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Economic Struggle Requires New Heroes, Heroines

Staff Writer

President Hage Geingob said the struggle for Namibia’s economic emancipation requires new heroes and heroines.

Speaking at the heroes day celebration in Mariental on Friday, Geingob said this is the time for such heroes to step forward to the challenge.

“Today, as we face economic challenges, let us not despair and give into a sense of hopelessness. More than ever, this is the time to redouble our efforts to tangibly tackle these challenges head-on until we are able to free our nation from the grip of economic oppression,” Geingob said.

He said just as the liberation struggle was long and bitter, the economic struggle will also be long and painful.

“Ultimately, we will determine whether we succeed or fail, and in honour of our fallen heroes, failure can never be an option,” Geingob said.

The President also said over the past several years, Namibia has faced independent intervening variables such as the global commodity crisis, currency fluctuations, and recurrent droughts that all played a role in placing our economy under enormous pressure.

Geingob bemoaned Covid-19, which he describes as an unwelcome and devastating guest.

“We have lost numerous lives, young and old, male and female. No one has been spared from the devastation, and as we stand here, I believe all of us know of at least one person who has died of Covid-19. Among those whom we have lost to the pandemic are many Veterans of the Liberation Struggle,” he said.

Geingob paid homage to healthcare workers, first responders, uniformed services and all Namibians who sacrificed in assisting their fellow compatriots during the darkest period of Covid-19.

According to Geingob, those who fought for the independence of Namibia have laid a solid foundation of unity and sacrifice.

The onus, he added, lies with Namibians to continue the march where they left off, fulfilling the ideals that spurred them to patriotic action.

“We must realise that only the Namibian people can usher in the dawn of economic liberation,” he said.

He urged the people to inculcate within the society the intrinsic forces that buttress unity and to purge the foreign superimposed influences that separate the people as the best way to honour the heroes.

“Due to the spilt blood, we can never return to tribal Bantustan ideologies. Due to the lost lives, we can never again allow the spectre of Apartheid to infiltrate our society. Due to the sacrifices, we must relentlessly guard our sovereignty and independence,” he added.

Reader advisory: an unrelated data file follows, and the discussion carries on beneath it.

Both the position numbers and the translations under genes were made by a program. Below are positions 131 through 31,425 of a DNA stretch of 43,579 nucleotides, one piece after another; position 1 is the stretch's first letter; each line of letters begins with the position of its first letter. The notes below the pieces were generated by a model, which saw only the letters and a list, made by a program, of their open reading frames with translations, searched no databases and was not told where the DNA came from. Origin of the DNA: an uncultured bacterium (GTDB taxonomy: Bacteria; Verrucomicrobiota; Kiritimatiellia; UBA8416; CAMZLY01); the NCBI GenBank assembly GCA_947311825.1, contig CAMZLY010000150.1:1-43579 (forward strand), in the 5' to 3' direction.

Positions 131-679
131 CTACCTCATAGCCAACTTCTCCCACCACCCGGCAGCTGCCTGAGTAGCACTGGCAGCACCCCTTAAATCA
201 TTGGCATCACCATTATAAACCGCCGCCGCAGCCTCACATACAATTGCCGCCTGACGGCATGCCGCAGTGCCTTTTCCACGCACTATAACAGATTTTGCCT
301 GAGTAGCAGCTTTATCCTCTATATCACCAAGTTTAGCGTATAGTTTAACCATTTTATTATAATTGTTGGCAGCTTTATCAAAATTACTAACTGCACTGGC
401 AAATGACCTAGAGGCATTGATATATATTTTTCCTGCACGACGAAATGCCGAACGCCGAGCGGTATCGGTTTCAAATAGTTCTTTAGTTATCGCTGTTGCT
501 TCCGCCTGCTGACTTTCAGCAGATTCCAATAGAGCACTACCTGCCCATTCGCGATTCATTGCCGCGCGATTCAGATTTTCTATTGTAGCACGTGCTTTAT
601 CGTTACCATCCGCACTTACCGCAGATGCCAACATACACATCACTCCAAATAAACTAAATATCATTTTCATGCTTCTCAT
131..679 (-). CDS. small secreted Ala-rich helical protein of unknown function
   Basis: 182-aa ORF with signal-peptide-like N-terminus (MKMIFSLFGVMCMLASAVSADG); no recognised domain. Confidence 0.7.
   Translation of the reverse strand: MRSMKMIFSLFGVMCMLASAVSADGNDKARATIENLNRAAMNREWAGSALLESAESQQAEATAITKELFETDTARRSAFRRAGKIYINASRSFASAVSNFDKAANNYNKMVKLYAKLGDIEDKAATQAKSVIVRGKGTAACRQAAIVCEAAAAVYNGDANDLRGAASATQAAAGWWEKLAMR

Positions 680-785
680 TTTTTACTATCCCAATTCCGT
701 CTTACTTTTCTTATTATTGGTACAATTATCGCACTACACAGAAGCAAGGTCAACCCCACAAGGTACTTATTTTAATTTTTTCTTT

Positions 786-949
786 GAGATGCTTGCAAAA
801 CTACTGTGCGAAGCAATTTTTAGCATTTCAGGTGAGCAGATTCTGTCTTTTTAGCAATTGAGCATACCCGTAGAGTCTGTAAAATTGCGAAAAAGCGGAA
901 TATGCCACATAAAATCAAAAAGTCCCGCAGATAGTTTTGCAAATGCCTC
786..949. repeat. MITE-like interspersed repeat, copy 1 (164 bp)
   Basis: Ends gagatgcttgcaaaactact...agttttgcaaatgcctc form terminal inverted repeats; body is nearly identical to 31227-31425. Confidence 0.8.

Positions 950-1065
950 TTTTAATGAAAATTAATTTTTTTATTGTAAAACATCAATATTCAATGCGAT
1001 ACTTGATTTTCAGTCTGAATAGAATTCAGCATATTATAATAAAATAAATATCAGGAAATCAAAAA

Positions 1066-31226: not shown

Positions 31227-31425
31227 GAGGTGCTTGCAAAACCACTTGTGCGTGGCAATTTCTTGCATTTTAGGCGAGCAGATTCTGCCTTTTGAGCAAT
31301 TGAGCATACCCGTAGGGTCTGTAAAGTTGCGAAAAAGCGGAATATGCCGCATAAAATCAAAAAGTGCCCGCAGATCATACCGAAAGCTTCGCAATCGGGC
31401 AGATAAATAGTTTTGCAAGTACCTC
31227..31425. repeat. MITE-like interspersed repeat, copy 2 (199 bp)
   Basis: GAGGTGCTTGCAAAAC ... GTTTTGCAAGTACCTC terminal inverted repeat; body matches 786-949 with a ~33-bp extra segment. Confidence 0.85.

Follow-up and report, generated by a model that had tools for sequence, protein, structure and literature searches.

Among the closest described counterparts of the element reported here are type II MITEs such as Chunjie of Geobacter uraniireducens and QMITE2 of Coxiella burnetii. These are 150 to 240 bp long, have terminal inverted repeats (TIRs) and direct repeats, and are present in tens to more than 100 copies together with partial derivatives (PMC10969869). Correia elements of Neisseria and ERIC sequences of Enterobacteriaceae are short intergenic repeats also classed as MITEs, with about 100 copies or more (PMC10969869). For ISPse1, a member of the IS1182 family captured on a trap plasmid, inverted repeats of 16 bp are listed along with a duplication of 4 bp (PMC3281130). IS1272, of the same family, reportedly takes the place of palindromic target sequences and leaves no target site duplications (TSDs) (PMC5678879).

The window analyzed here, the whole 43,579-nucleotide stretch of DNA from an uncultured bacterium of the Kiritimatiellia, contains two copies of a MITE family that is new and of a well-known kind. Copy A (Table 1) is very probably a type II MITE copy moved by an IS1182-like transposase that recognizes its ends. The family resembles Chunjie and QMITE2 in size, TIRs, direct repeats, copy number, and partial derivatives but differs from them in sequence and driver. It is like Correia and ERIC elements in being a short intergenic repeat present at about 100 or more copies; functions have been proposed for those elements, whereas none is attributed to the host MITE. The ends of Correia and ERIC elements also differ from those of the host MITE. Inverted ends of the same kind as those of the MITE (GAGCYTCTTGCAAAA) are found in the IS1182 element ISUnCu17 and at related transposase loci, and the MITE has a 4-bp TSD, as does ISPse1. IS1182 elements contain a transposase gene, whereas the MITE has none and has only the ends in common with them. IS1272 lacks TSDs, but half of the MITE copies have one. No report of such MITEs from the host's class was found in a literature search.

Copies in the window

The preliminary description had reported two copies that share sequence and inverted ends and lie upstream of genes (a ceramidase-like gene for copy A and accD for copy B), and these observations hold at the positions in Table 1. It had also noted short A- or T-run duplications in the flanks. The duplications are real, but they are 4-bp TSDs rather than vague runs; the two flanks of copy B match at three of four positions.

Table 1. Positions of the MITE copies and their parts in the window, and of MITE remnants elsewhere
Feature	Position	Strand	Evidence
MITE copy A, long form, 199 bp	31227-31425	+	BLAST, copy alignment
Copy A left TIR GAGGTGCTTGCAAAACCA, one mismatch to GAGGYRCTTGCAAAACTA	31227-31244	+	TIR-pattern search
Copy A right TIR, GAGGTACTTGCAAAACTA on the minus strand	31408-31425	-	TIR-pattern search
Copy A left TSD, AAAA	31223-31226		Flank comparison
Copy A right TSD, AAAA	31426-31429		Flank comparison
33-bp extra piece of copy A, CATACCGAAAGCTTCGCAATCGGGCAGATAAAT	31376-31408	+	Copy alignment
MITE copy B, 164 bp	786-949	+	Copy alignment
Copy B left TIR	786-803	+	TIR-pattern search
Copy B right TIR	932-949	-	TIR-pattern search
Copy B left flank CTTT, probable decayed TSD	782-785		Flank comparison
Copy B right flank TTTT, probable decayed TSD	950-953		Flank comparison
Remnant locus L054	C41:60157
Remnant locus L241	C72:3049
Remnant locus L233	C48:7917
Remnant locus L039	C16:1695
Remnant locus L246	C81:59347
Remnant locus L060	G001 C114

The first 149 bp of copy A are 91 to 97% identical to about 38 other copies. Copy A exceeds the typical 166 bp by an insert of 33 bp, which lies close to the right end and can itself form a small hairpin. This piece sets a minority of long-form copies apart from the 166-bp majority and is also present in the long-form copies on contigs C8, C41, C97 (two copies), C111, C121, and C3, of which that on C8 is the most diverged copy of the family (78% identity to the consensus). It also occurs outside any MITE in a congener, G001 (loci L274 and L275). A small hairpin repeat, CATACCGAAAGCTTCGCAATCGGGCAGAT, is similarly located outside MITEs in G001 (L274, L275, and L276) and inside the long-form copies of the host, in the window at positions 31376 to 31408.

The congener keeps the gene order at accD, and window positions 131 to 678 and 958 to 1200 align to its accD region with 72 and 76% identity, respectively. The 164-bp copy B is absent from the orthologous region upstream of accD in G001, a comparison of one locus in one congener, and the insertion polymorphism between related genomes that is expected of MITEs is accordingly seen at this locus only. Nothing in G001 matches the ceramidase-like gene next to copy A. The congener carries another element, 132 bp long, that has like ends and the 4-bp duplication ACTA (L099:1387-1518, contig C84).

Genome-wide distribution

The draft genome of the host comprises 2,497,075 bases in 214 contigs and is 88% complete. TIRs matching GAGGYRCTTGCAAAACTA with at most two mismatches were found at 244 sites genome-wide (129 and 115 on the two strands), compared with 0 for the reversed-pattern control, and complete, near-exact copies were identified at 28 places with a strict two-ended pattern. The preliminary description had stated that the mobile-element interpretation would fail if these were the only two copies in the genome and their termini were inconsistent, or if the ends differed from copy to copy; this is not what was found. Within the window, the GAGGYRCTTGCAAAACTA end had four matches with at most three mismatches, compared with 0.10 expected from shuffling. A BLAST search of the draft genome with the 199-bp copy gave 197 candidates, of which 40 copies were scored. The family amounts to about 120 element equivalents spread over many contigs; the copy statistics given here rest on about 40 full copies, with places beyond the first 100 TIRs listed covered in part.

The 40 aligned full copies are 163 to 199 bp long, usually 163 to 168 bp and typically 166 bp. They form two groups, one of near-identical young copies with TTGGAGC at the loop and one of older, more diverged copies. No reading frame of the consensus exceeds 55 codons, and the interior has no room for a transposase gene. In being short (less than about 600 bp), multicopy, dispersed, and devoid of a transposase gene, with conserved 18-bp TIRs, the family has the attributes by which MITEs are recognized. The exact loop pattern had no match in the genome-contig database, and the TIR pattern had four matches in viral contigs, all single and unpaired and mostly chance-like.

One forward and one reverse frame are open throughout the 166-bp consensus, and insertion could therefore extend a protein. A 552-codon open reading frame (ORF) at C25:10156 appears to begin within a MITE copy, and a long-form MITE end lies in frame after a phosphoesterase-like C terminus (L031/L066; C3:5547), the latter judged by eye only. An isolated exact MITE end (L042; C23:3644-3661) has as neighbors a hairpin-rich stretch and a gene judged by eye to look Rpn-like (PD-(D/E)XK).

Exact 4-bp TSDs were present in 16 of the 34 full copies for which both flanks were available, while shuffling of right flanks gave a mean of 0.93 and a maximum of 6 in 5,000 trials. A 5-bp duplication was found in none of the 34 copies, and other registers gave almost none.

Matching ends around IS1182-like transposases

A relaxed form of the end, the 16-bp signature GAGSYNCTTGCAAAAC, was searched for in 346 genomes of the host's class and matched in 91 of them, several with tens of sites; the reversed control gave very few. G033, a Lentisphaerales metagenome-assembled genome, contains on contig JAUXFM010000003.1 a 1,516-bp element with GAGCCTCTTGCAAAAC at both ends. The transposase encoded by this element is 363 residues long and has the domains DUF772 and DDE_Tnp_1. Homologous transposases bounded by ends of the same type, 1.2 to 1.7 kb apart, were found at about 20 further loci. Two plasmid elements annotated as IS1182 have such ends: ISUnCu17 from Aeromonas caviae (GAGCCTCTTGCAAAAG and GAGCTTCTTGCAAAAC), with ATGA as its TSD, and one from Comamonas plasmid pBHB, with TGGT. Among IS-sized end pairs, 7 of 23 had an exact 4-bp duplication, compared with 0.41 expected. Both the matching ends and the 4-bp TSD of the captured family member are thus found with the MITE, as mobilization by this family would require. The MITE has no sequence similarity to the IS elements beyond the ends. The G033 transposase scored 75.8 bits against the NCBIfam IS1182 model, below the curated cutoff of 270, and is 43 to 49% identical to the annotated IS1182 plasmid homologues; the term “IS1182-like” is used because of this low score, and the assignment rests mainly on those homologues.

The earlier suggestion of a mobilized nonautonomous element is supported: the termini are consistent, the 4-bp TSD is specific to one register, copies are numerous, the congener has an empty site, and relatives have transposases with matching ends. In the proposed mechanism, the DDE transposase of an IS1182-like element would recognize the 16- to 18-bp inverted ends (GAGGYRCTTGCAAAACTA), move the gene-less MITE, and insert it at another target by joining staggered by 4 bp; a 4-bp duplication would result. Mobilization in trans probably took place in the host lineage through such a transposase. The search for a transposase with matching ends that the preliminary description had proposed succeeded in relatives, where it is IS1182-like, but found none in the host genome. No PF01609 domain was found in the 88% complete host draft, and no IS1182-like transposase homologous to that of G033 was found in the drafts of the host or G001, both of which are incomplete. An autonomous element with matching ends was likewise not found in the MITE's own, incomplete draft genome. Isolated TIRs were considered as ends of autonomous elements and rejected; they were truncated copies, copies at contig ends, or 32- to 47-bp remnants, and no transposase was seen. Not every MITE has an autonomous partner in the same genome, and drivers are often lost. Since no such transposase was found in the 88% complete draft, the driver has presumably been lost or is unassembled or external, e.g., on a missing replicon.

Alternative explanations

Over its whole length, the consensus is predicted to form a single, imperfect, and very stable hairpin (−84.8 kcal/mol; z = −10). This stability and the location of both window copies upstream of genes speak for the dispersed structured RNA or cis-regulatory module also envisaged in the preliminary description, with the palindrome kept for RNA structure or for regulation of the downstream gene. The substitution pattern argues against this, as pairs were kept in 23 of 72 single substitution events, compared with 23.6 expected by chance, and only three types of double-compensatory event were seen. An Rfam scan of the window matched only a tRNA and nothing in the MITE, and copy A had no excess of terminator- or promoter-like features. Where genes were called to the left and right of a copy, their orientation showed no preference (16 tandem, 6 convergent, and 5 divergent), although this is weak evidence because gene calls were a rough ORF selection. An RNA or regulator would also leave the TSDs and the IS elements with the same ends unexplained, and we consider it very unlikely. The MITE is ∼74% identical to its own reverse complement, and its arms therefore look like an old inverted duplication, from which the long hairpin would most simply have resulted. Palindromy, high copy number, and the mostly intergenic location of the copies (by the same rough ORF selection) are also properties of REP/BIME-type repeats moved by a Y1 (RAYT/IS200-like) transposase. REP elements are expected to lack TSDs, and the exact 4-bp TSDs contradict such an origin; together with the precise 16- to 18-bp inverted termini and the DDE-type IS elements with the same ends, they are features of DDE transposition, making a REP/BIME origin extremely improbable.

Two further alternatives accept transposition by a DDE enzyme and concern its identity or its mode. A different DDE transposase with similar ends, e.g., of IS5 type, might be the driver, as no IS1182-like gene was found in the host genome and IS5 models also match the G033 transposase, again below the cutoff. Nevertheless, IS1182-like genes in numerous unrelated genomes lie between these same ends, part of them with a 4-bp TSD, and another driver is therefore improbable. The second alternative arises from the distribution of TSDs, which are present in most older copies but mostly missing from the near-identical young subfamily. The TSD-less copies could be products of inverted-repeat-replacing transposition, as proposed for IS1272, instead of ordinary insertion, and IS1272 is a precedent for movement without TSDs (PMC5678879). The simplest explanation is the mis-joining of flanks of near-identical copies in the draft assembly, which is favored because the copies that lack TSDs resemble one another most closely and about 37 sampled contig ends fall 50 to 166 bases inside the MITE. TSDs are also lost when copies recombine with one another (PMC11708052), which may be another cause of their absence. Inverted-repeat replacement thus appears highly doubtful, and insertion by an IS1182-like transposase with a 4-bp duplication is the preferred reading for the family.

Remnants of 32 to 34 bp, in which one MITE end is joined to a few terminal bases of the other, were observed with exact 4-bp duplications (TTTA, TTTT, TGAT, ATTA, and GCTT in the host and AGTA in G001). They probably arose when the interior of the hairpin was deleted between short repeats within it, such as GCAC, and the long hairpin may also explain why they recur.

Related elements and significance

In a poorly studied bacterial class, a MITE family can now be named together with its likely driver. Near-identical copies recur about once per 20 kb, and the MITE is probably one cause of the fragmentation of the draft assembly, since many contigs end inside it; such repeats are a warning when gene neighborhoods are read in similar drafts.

He urged the people to commit never to return to the mentality of homelands or Bantustans but to realise that they are all one people, as stated by Kwame Nkrumah.

The President said Namibians must appreciate that Namibia’s successful struggle for freedom was achieved by holding hands by like-minded patriots, who understood the value of independence and cherished it above everything else.

“They originated from all 14 regions of this country, crossing the barriers of the Apartheid imposed tribal Bantustans and uniting as one people against oppression,” he said.

According to Geingob, history and current international events have taught the people that national sovereignty is not guaranteed.

The Namibia National Liberation Veterans Association (NNLVA) president Ben Shikongo says leaders should be respected.

“Heroes day is a heroic and heroes’ day, the launch of our armed struggle in Namibia. Therefore the man and women, especially those that participated in the Omugulugwombashe battle, should be honoured and respected,” he says.

Health minister Kalumbi Shangula said health workers have more to celebrate Heroes Day in the fight against Covid-19 to reach the stage Namibia is at.

“We have gone through five waves of the pandemic, and it has been a war. The health care workers have been fighting for the war as soldiers, joined by others fighting against the pandemic, and through these efforts, we have brought the pandemic under control,” he says.

People’s democratic movement (PDM) parliamentarian Nico Smit says what is happening in Namibia does not signal a united nation as it should be.

“We should be a united nation without this tribal issue playing a very important role in our lives which is not healthy. Let us celebrate our public holiday and not divide our people,” he said.

Staff Writer

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